Today, Patrick and Ethan are discussing Uncanny X-Men 8, originally released June 10th, 2013.
Are there demons? Please no Dormammu please no Dormammu please no Dormammu… Oh, thank God.
-Fabio “Gold Balls” Medina
Patrick: Scott Summers and the
New Uncanny X-Men have spent the last three issues stuck in purgatory. I’m being literal, but what the hell – it’s a metaphor too. The fall-out from the Avengers’ battle with the X-Men has left the mutant leadership in ruins, their superpowers in shambles, and even fractured our heroes’ goals. Illyana Rasputina Conquers Purgatory featured some fantastic art; Frazier Irving rendered Dante-level hellscapes marvelously, but the story had started to spiral around obscure minutae of the Marvel world, all personified by Dormammu. Fabio starts the issue basically praying to be done with Dormammu – when he opens his eyes to see a familiar sight, home, his relief is our relief. The X-Men are back where they belong.
Other than a return to the kind of themes and stories that are quintessentially X-men, not much happens in this issue. Scott and Emma drop Fabio off at home, where he’s initially embraced, then pushed away because he’s different. Unfortunately, this causes him to lash out with his goofy mutant power of willing golden balls into existence. Fortunately / maybe-still-unfortunately, Alison Blaire, aka Dazzler, (a mutant now working with S.H.I.E.L.D.) shows up just in time to calm everyone down and coax Scott Summers’ location out of Fabio. Meanwhile, on the other side of the country, we catch back up with the car-controlling mutant, David, and his girlfriend Karen, both of whom we met in what seemed to be a non sequitur in issue 6. He’s just trying to peacefully demonstrate/test his abilities when the police arrive on the scene and draw their weapons. And then they shoot him.
Let’s throw the breaks on the recap for a second, because this one is big. David’s not doing anything wrong necessarily, but cops shoot him because he seems capable of doing something wrong. Apparently, they’ve had problems with mutants before and just didn’t want to risk putting themselves in danger this time, so they went straight to lethal force. This is an all too common reality for young black guys, and with George Zimmerman having just been acquitted for the murder of Trayvon Martin, it’s hard not to let those real life current events paint this scene as particularly ugly. Mutation has always been a stand-in for every kind of “otherness” you can imagine: race, sexual orientation, religion, etc., but this incident seems to point to the very specific racial/economic rift that causes this kind of rampant suspicion, and unnecessary violence, that we see all the time. It might be presumptuous of me to draw connections to Trayvon Martin, but can you blame me? Even with the details askew (it’s a cop instead of a neighborhood watch guy, David appears to be Latino and not black), the framework and sentiment behind this scene is frighteningly evocative of that night. It’s a small detail, but David is wearing a hoody during this sequence, a symbol which has been inextricably linked Zimmerman profiling Martin.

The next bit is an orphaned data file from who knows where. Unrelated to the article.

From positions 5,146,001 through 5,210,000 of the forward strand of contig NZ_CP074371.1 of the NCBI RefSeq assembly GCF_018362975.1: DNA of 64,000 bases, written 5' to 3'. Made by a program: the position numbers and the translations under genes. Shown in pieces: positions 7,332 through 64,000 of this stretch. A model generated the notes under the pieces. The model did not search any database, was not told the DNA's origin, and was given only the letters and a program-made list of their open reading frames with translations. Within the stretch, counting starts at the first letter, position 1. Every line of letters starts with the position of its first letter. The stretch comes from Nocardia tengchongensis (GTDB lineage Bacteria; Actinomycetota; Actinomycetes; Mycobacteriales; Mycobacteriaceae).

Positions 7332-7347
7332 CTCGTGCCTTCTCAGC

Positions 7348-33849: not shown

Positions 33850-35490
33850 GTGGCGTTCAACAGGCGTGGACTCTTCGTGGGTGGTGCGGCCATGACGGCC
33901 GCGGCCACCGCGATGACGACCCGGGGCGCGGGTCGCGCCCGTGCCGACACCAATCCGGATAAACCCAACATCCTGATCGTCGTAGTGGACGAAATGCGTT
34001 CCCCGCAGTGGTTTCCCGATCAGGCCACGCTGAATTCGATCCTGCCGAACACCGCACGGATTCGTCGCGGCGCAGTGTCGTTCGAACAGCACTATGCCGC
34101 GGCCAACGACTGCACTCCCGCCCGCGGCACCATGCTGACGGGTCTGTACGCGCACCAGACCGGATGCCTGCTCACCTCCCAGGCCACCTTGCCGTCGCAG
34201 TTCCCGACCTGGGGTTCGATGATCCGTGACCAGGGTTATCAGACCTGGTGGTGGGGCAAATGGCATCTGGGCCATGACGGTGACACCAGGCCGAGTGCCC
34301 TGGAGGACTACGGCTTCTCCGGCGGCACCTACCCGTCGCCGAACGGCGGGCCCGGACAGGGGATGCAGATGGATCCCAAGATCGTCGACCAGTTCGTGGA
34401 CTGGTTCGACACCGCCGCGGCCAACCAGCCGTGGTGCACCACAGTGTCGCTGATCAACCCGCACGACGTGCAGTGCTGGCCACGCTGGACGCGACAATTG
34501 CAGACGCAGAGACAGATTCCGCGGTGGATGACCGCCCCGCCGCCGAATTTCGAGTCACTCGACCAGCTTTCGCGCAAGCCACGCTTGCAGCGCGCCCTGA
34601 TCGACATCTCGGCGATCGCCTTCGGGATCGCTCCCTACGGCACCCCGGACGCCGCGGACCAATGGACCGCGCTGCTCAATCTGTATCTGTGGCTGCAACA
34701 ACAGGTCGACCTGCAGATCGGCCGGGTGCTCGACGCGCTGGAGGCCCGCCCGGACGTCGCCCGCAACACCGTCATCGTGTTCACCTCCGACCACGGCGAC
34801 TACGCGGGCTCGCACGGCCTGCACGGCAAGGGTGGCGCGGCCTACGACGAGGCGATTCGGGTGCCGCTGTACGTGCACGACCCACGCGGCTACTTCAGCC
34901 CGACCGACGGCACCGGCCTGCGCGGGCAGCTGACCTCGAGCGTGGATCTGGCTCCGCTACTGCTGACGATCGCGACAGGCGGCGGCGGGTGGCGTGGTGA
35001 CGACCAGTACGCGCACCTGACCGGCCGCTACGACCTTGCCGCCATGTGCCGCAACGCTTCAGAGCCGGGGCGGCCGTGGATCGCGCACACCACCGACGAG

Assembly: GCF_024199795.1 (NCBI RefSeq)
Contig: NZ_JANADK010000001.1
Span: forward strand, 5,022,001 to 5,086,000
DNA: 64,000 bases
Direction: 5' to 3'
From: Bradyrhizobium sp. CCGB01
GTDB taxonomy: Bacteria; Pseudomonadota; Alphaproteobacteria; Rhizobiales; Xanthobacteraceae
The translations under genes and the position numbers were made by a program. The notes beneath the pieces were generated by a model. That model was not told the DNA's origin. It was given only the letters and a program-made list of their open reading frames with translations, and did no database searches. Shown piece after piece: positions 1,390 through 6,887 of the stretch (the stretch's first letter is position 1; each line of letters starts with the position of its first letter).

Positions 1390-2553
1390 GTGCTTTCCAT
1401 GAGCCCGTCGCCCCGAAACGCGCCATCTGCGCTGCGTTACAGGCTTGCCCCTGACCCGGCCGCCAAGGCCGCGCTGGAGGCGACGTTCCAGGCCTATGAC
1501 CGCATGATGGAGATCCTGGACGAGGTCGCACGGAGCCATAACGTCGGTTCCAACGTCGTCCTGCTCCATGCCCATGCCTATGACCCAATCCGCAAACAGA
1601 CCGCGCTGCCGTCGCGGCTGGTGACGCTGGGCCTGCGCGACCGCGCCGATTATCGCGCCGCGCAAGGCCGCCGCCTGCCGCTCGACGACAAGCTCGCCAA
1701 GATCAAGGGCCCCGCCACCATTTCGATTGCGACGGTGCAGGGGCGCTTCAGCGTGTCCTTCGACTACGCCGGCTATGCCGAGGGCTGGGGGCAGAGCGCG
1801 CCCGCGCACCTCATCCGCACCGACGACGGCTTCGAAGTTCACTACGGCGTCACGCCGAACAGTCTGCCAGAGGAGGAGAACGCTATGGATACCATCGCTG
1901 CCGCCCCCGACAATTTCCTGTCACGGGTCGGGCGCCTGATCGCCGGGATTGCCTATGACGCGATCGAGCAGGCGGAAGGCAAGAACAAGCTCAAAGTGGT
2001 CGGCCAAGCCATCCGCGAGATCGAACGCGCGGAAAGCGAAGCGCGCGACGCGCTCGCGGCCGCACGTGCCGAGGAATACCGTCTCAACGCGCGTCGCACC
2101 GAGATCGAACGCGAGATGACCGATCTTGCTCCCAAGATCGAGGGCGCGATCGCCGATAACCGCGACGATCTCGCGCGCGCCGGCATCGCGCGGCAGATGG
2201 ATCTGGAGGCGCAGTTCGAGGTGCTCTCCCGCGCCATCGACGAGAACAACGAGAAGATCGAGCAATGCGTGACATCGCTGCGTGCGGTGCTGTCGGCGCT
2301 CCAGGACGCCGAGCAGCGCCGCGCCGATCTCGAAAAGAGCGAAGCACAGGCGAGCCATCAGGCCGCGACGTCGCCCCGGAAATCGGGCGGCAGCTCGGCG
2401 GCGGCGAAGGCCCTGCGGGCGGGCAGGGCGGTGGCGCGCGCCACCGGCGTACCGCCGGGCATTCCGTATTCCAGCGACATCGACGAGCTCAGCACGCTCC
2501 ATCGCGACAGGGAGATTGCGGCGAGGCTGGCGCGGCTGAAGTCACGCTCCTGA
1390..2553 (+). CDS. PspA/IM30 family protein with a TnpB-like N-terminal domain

Comics are much more forgiving than real-life, so Magik and the Stepford Sisters appear on the scene and spirit David away to the New Xavier School, where Triage gets to work un-killing him. Outside, Magneto and Cyclops talk through their differences and decide to refocus their energies on re-training each other.